The T-P Syndrome for Debate Avoidance

by Martin Harris

Some areas along the Appalachian chain-of-hills (mountains? not really) have more in common than they admit. Cases in point: Vermont at the northern end, eastern Tennessee at the approximate mid-point. Both have a local small-scale nuclear industry (for various reasons, Oak Ridge and its WWII history aren’t included here) approved by some and disapproved by others; both are the focus of argument over beyond-the-property-line environmental pollution; and in both situations the two sides are engaged in the “Talking Past” behavior pattern, using a narrow sector of their argument which, indeed, has an internal logic, as if it were the entire question before the public, and quite deliberately ignoring the broader sector, because it would make their set of points less relevant. Talking Past the opposition’s argument by ignoring it seems to be a preferred choice of non-debate any more, perhaps in the expectation that the wider public audience can be better persuaded if inconvenient facts can be set aside for non-recognition.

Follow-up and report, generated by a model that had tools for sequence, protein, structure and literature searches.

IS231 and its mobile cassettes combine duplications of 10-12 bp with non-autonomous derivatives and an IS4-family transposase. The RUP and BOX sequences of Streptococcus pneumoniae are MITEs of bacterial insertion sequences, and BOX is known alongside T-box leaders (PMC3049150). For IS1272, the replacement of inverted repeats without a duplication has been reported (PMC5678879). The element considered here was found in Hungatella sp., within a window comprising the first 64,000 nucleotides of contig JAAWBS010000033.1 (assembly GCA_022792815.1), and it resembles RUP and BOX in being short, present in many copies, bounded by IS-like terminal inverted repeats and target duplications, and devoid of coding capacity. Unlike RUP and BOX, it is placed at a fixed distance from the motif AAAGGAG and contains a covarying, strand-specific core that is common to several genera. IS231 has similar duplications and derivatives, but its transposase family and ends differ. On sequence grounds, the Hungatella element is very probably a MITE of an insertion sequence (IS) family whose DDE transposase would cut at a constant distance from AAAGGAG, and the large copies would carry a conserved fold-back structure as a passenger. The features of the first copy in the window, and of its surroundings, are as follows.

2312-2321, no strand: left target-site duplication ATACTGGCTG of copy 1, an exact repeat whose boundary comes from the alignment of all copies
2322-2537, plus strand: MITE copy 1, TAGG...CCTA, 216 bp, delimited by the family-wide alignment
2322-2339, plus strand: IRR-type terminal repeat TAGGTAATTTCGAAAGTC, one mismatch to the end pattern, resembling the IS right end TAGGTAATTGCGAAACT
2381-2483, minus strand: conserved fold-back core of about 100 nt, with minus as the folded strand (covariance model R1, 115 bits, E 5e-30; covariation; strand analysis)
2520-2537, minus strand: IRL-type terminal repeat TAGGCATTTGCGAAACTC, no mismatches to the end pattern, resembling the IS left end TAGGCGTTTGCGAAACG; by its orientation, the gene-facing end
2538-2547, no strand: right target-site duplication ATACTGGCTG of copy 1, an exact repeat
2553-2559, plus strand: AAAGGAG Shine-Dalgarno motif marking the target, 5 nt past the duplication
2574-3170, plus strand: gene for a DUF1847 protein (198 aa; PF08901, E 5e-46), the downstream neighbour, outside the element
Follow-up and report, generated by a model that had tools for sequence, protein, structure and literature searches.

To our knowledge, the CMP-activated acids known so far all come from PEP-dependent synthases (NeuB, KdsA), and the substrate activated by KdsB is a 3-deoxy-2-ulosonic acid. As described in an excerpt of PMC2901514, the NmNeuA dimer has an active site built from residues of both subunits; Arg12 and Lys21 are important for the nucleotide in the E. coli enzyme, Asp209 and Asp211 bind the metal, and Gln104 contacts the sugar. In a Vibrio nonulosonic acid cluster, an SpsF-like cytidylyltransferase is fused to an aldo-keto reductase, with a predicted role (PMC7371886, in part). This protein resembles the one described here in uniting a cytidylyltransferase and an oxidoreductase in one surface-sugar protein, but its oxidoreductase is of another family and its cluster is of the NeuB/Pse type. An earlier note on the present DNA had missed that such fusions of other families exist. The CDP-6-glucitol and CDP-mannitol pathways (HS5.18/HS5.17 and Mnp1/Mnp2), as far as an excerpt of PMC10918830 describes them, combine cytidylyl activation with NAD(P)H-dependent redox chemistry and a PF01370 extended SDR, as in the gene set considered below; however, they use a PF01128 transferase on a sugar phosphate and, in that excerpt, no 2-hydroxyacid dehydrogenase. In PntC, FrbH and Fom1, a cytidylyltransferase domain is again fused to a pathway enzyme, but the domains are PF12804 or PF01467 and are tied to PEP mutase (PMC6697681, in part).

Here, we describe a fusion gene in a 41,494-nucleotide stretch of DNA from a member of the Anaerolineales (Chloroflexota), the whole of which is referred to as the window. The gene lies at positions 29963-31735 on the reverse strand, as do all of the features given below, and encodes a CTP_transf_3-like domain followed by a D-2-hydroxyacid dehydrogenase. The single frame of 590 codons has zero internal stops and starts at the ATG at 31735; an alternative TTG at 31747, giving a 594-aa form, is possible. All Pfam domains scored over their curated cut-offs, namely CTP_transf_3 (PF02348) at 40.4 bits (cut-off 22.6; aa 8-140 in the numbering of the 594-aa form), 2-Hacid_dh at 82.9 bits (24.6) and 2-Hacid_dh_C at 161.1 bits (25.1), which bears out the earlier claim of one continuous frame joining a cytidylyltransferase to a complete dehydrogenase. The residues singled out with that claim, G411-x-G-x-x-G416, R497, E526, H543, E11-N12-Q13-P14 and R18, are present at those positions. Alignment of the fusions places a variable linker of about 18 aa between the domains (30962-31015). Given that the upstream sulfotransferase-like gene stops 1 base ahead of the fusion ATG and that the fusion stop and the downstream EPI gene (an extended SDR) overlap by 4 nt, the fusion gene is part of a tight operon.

In the Northeast Corner of Tennessee (not called a Kingdom, but, just as in Vermont, consisting of Washington County and three more, further North and East) the local nuclear industry is Aerojet’s AOT (Aerojet Ordnance Tennessee) facility in the tiny village of Telford, an off-the-main-roads hamlet with a one-block business district on the western fringes of the so-called Tri-Cities Region, composed of the major urban areas of Bristol, Johnson City, and Kingsport and various suburban, exurban, and commercial inter-urban developments, old and new. The bulk of its business is military, involving mid- to large-size artillery shells containing tungsten and unspecified applications of Depleted Uranium, specified by the US Army for its armor-penetration capabilities, with a recent history of use in the Middle Eastern theatre of operations. As in Vermont, anti-nuclear advocates are charging that nuclear pollution has been found beyond the property-line –in Vermont, the major identified heavy metal is strontium– and that quantities found exceed allowable standards. As in Vermont, the Nuclear Regulatory Commission has given periodic approvals to industry operation; critics haven’t shown exactly what pollution standards have been violated. Not as in Vermont, in Tennessee the critics haven’t (yet) resorted to throwing manure (oops, make that “compost”) during NRC approval hearings.